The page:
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Very impressive children's magazine with a strong emphasis on science.
Member Name: broxi3781
Date: 19/10/12, updated on 31/10/12 (482 review reads)
Advantages: Exceptionally high quality magaine that entertains as it educates and encourages children to think.
Disadvantages: Only available by subscription, not well known.
After a fair amount of time researching online - I came across mention of AQUILA billed as "the magazine for children who enjoy a challenge". A bit of research shows this magazine was originally developed for "gifted and talented children". In fact I have found one private school boasting that they use this magazine for their gifted and talented programme - and I could easily see designing a monthly curriculum around this. The company states that their current position is as follows : "we hope that AQUILA can inspire all children to reveal their brilliance". Personally, I believe all children are gifted and talented. It is simply a matter of helping them to discover their own unique gifts and talents. After reading this magazine myself and with my son - I do believe this magazine is an excellent resource to do just that.
My only problem with this magazine is that the price was £45 and I was concerned that if we didn't like it - I'd be out a fair amount of money. I had never senn an issue and didn't know anyone who had. They do offer a money back guarantee but I know it can take ages with some companies to get your money back. So cheeky git that I am - I emailed and asked them to send me a sample copy which I would review, and if I found the magazine appropriate to our needs I would subscribe.
When my sample copy arrived - my first thought was "This is a bit thin". It is fact only 24 pages. By comparison Nat Geo kids has 52 pages. Pulling a random copy off my shelf though I found 21 pages of advertising. then we have 4 pages of pull out posters - none of which would be of any interest to us, and overall far too much fluff. Once I started looking through the magazine - my initial appraisal was quickly cast aside. It may be only 24 pages, but there were no advertisements ( excpting a small offer in a box to refer a friend) - no page after page of pull out posters of fluffy animals - in fact there were no posters at all. Of the 24 pages, my son read and enjoyed every one except the letters to the editor, and a single page in this magazine had more text than the nine pages he read he Nat Geo Kids. There are illustrations - and some very nice ones at that - but there is a good balance between illustrations and text in this magazine. There are enough pictures to keep a younger child interested, but there is still plenty of in depth information in the text.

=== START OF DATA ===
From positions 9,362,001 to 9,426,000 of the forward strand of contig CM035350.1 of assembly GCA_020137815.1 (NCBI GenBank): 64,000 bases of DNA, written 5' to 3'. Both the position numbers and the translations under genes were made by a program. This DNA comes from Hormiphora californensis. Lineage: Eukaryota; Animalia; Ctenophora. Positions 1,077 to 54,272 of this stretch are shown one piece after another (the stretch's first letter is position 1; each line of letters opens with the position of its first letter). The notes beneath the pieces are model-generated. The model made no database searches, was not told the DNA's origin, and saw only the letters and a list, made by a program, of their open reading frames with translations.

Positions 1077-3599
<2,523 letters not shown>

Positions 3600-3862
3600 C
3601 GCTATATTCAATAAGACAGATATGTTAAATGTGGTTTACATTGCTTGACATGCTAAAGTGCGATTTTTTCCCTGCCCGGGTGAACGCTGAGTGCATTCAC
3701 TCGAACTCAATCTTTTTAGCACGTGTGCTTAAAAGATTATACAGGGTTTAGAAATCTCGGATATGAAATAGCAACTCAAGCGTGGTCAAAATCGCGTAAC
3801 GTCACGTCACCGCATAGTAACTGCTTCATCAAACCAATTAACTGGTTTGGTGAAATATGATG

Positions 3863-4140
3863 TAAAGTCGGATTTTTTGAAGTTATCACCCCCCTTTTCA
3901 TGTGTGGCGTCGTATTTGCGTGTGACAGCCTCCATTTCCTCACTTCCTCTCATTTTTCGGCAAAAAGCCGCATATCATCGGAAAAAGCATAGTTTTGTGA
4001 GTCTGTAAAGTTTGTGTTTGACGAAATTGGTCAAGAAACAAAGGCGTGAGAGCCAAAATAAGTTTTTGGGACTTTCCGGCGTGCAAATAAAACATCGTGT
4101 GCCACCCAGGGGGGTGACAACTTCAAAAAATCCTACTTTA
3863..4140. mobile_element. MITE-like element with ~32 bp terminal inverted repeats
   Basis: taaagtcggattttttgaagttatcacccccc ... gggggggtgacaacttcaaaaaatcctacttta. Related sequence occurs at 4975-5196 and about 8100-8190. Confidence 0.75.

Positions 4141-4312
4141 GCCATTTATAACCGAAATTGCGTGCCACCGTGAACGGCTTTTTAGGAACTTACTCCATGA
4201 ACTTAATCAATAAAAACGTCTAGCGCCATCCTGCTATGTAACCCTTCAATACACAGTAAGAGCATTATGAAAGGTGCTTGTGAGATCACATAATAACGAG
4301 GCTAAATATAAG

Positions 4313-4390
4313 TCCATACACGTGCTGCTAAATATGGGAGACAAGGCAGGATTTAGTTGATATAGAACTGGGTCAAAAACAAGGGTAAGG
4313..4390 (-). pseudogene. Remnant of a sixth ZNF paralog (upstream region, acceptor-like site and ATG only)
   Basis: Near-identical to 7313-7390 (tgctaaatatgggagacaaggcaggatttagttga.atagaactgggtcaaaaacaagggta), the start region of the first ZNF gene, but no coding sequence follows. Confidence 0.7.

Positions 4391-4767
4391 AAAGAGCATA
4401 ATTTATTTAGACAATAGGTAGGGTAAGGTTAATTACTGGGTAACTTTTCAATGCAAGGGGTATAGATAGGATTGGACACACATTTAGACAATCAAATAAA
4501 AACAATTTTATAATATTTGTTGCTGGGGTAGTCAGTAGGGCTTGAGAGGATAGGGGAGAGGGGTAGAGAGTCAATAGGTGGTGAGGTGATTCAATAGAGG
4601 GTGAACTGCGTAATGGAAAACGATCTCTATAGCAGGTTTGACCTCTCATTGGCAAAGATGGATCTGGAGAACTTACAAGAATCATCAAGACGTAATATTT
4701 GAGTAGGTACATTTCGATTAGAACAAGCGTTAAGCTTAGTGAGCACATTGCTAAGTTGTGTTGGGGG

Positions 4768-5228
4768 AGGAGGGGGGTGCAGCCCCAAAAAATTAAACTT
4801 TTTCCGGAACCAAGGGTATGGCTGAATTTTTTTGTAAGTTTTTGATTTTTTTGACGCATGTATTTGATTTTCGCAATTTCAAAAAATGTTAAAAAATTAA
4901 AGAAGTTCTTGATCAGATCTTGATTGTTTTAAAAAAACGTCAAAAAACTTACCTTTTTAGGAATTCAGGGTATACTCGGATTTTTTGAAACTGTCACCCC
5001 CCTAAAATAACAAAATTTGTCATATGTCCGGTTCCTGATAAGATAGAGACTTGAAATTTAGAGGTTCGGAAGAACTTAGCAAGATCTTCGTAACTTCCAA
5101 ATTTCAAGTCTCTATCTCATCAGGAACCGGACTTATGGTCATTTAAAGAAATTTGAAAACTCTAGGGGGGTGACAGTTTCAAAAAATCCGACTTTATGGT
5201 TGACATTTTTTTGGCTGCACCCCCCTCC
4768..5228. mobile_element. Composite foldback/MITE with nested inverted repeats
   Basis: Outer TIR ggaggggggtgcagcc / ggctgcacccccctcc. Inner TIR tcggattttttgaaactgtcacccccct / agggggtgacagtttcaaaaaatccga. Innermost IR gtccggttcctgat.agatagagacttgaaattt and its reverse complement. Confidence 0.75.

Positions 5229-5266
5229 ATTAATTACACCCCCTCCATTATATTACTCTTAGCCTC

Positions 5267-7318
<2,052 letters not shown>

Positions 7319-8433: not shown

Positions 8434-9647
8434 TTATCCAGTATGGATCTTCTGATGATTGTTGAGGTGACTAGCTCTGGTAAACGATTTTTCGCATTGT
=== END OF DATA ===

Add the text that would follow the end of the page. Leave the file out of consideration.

I recieved the Sept 2012 issue. The main articles in this issue were:
The disappearance of Large Animals: This article explored possible reasons for the extinction of most of the the very large mammals during the Pleistocene age. It does not give one single answer but explores many possibilities and encourages the reader to think for themselves.
It All Happened in the Trees: This article is about the evolution of mankind, pointing to how scientists believe many current features of humans stem from life in the trees. I don't agree with everything in this article, but I teach my children the prevailing scientific theories with the understanding that many people have different beliefs. But agree or disagree I really enjoyed this article in large part because it encourages children to think and question things. There is an interesting section on vision here, which led us off into many other subjects. We started by reading about how the position of an owls eyes give it the ability to judge distance better, but this led to a discussion of how different animals have different types of vision - which finally led to a a fairly large project we have started on dinosaurs, by examining different features such as placement of the eyes and using this feature to guess if the animal is a carnivore or herbivore. We also had a very long discussion on how the opposable thumb affected the development of humans - but why other animals with an opposable thumb have not developed in the same manner. This article was only two pages - but so far we spent hours reading discussing, and pursuing other activities.